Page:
Wednesday, March 12, 2014
By JONATHAN RISKIND Washington Bureau Chief
BALTIMORE — Andy Tonge gingerly and stiffly navigated icy sidewalks and paths last week as he walked to the Johns Hopkins University building where he spends 10 hours a day immersed in computer simulations of complex scientific problems.
Andy Tonge, shown skiing in Baltimore last February, says the injuries he sustained in a chairlift accident have given him a "greater appreciation" of people with more severe injuries.
Courtesy of Andy Tonge
Tonge, a Maine native from the town of Rome, is still recovering from injuries he sustained Dec. 28 when the chairlift he was riding at Sugarloaf Mountain derailed, dropping him and his father, Rick Tonge, about 30 feet to the snowy slope.
The Tonges were in the last chair that passed the tower on the Spillway East lift before the cable derailed there.
They are among five accident victims who have retained a law firm to represent them in potential injury claims. At the advice of his attorney, Benjamin Gideon of Berman & Simmons in Lewiston, Andy Tonge declined to speak about what he saw and experienced before and during the accident.
But in an interview here last week, Tonge talked at length about the derailment's impact on a life filled with skiing, hiking, and studies as a mechanical engineering graduate student.
Rick Tonge, 54, suffered a muscle injury. After the accident, he was taken to Franklin Memorial Hospital Farmington, where he was X-rayed and released.
Andy Tonge, 25, suffered compression fractures in two vertebrae, spent two days at Maine Medical Center in Portland, and was fitted for a back brace that he expects to be strapped into until mid- to late March.
He must wear the brace at all times except when he sleeps flat on his back. He needs help putting the device on each morning.
Tonge doesn't take painkillers and didn't need surgery, but he said he is in moderate pain.
More aggravating, he said, is just how difficult everyday tasks have become.
He now must get up from his work periodically to walk around. And while sitting at his desk, surrounded by computers, he finds it awkward to shift positions and reach for objects or computers in various places. A dropped pen is a major project.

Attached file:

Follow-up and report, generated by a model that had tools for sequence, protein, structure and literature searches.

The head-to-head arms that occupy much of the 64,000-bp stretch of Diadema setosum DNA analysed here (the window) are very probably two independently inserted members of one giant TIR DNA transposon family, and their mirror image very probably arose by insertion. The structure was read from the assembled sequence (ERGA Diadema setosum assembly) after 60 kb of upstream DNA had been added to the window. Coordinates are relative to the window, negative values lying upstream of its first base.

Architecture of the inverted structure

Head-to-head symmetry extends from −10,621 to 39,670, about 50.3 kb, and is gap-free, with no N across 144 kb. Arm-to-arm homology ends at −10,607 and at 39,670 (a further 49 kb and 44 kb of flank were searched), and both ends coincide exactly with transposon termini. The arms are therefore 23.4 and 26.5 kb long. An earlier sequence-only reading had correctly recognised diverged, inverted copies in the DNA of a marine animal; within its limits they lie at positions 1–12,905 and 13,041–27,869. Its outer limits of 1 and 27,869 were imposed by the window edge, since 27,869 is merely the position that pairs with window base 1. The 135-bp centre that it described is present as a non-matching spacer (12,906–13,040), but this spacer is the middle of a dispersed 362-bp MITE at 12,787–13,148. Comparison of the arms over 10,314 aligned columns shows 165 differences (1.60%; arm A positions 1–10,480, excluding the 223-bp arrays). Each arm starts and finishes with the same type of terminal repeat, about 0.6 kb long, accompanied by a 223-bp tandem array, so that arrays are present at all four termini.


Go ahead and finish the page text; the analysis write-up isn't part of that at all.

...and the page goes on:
He wears L.L. Bean winter boots – he now has a slip-on model, because he can't bend over to tie a pair of shoes.
"I can't sit for long periods and I can't reach stuff easily," Tonge said. "Everything I do has to be done more deliberately."
Tonge has been told that he will recover from his injuries and at some point will be able to ski again – at his beloved Sugarloaf, where he went about 60 days a winter during his undergraduate days at the University of Maine, and on the backcountry slopes where skiers don't use lifts, just strong legs to hike up the trail.
He probably will develop arthritis in his back earlier than he should, he has been told. However, thinking about what people go through after more serious injuries helps him keep matters in perspective.
"It has definitely changed my life since I have been in the brace," Tonge said. "It definitely has made me value my life and have a greater appreciation of the challenges people have who are less fortunate than me, like people in a wheelchair, and how hard life is for them."
Still, he doesn't minimize the severity of the accident.
"I remember the impact and thinking, 'Wow, my back hurts and I don't think I want to move that much,' " Tonge said.
He's excited at the thought of skiing again, and doesn't think that riding a chairlift will give him pause. He is looking forward to getting back to Sugarloaf, hopefully next winter break, and skiing down his favorite trail, Narrow Gauge.
He wants skiing to remain a big part of his life, saying, "It helps you enjoy the winters in Maine."
Washington Bureau Chief Jonathan Riskind can be contacted at 791-6280 or at: firstname.lastname@example.org